One of my top ten books is Possession by A. S. Byatt and so it stands to reason that I would like other books by the same author. I read Angels and Insects and wasn’t blown away. I bought Babel Tower and it has sat on my bookshelf for ten years. Part of the reason I haven’t read it is that it is a hardback and is 615 pages. The other part is that I was worried I wouldn’t like it. Oh, how wrong I was.

On the surface it is the story of Frederica Potter, a woman who was a Cambridge graduate in the early 1960s, then her sister died and while she was grieving she married an inappropriate man. At the start of Babel Tower Frederica has a two year old and is realising that she made a mistake in her marriage. When she runs into an old friend it accelerates this realisation. The cracks in her marriage widen and her husband becomes extremely jealous and violent. After he hits her with an axe, she leaves and begins a life in London.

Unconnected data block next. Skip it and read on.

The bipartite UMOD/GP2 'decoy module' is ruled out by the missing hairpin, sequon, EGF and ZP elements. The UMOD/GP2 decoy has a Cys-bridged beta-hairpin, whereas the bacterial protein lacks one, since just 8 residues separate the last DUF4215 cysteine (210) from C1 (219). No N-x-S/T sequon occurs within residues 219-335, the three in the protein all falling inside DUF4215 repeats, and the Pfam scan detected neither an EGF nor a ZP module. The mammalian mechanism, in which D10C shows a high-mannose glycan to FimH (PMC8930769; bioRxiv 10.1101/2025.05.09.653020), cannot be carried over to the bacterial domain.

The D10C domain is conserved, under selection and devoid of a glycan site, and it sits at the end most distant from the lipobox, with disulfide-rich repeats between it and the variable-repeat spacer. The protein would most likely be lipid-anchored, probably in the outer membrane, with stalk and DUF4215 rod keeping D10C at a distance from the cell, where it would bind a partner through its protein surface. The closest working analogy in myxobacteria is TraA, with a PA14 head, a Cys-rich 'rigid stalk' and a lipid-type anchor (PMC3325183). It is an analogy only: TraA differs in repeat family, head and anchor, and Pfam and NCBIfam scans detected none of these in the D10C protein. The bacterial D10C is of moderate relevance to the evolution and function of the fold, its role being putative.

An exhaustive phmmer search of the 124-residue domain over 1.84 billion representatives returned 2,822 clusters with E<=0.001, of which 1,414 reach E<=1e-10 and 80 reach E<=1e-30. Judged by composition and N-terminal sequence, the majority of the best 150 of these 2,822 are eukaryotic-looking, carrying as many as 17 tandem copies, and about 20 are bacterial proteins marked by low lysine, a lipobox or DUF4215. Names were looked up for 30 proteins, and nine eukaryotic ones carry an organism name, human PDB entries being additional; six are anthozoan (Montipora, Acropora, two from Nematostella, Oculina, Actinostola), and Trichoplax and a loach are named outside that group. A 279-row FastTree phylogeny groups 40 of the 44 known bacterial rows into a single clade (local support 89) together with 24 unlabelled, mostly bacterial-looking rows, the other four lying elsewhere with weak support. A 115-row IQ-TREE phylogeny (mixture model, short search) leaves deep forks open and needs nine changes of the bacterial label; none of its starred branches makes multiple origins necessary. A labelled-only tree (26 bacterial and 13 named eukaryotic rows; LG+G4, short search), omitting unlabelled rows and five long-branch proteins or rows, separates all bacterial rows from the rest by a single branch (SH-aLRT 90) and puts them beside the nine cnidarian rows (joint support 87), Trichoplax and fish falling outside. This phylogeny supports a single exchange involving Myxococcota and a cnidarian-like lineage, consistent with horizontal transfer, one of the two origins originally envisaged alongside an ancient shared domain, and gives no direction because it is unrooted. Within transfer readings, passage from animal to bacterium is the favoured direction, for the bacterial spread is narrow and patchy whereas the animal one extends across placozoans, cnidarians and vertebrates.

There Frederica renews old friendships and makes new ones, including one with the author of a book which is tried under the Obscenity Act. At the same time, Frederica starts divorce proceedings. What the book is really about is the terrible position and treatment of women in the 1960s and it is very feminist. It is also about the nature of art and about obscenity, morality and freedom of expression.

The quality of the writing is astonishing. It was so rich and complex without ever becoming florid. I wish I could write like this. On every page I was in awe. It is the third in a series of four and, of course, I haven’t read any of the others but it easily stands on its own. Byatt is a literary writer who is gripping, tense and utterly absorbing. This was amazing and I could barely put it down. You should definitely read it.